(Isaiah 55:6-9)

God thinks differently that we do. He thinks higher that we do, and is the definition of justice. Why is it that we are to turn the other cheek? Why must we bless those who persecute us? Why must we repay evil with good? Well, there are probably many reasons, but I believe this would be up there at the top: Because we would mess it up. We don’t know the first thing about justice when things become personal. Why do you think that a jury consists of peers who have no personal connections to the defendant or plaintiff? Because their decision would undoubtedly be biased. When things become personal, our judgment is blurred. That is pretty much a guarantee.

Think about it. You would want the cruelest punishment for the perpetrator above. When you hear of a manslaughter case, we cry for the death penalty. But when we mess up, it really isn’t as big of a deal as you think it is. I think a good example that isn’t as extreme is this: When someone flys past you on the interstate, what do you immediately think? “He’s crazy! Where are the cops when you need them?” But when you see those flashing lights in your rearview mirror, uh-oh. “Officer, I didn’t know” or “I hope he doesn’t give me a ticket, I wasn’t going that fast.” That is our judgement. That is our justice.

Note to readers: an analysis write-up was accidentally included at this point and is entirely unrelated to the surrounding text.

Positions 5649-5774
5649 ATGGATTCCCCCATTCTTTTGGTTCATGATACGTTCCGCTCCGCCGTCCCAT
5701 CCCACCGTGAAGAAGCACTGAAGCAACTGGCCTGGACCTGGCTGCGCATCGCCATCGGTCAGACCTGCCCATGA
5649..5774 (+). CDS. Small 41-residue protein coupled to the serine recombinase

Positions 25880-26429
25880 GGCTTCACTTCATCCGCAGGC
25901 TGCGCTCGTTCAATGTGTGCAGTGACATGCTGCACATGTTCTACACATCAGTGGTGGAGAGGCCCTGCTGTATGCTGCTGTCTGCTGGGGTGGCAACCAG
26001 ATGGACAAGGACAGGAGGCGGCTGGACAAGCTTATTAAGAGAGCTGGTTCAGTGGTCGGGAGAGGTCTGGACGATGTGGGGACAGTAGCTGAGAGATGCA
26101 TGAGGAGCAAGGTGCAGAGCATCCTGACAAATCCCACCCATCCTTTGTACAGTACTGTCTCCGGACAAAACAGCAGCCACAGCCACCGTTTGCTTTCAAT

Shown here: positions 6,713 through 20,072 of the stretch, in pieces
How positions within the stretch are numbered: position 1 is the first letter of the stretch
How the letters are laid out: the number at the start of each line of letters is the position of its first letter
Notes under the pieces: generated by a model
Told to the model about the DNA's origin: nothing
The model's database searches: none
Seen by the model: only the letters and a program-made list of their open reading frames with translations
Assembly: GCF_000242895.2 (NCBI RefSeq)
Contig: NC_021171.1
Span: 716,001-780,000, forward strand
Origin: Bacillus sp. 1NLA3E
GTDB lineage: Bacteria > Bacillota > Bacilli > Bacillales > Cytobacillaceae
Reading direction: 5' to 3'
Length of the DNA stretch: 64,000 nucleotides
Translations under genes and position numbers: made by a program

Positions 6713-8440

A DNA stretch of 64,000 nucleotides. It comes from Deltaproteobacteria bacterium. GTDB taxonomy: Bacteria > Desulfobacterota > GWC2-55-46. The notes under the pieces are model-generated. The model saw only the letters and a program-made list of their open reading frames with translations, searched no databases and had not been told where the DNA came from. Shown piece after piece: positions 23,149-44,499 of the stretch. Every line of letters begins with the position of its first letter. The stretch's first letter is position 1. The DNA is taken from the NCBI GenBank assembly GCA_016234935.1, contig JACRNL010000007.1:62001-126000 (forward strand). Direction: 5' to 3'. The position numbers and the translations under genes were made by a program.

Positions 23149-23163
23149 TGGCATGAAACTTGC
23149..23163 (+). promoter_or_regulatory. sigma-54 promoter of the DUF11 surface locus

So how is God different? I wanted to do this post based a passage I read in Ezekiel.

“And you, son of man, say to the house of Israel, Thus have you said: ‘Surely our transgressions and our sins are upon us, and we rot away because of them. How then can we live?’ Say to them, As I live, declares the Lord God, I have no pleasure in the death of the wicked, but that the wicked turn from his way and live; turn back, turn back from your evil ways, for why will you die, O house of Israel?”
(Ezekiel 33:10-11)

God has no pleasure in the death of the wicked. In fact, He wishes to see all the unrighteous turn from their evil way and repent. He wants all to dwell with him eternally. He made us for pleasure, not for punishment. Peter says this in his epistle:

“The Lord is not slow to fulfill his promise as some count slowness, but is patient toward you, not wishing that any should perish, but that all should reach repentance.”
(2 Peter 3:9)

And that is the good news. If you choose to accept it. There is rest for the wicked, if they turn from their wicked way. No one is so dirty that he or she cannot be cleansed with the blood of the Lamb. No one. God has no pleasure in the death of the wicked. Why will you die, O Israel? Why will we die today? Let us turn to The Lord. He is waiting, standing at the door. Will you come?

“Yet your people say, ‘The way of the Lord is not just,’ when it is their own way that is not just. When the righteous turns from his righteousness and does injustice, he shall die for it. And when the wicked turns from his wickedness and does what is just and right, he shall live by this. Yet you say, ‘The way of the Lord is not just.’ O house of Israel, I will judge each of you according to his ways.”
(Ezekiel 33:17-20)

Suggested Daily Reading: Isaiah 55, 57, Ezekiel 33, Hosea 3, 11.

Grace and peace.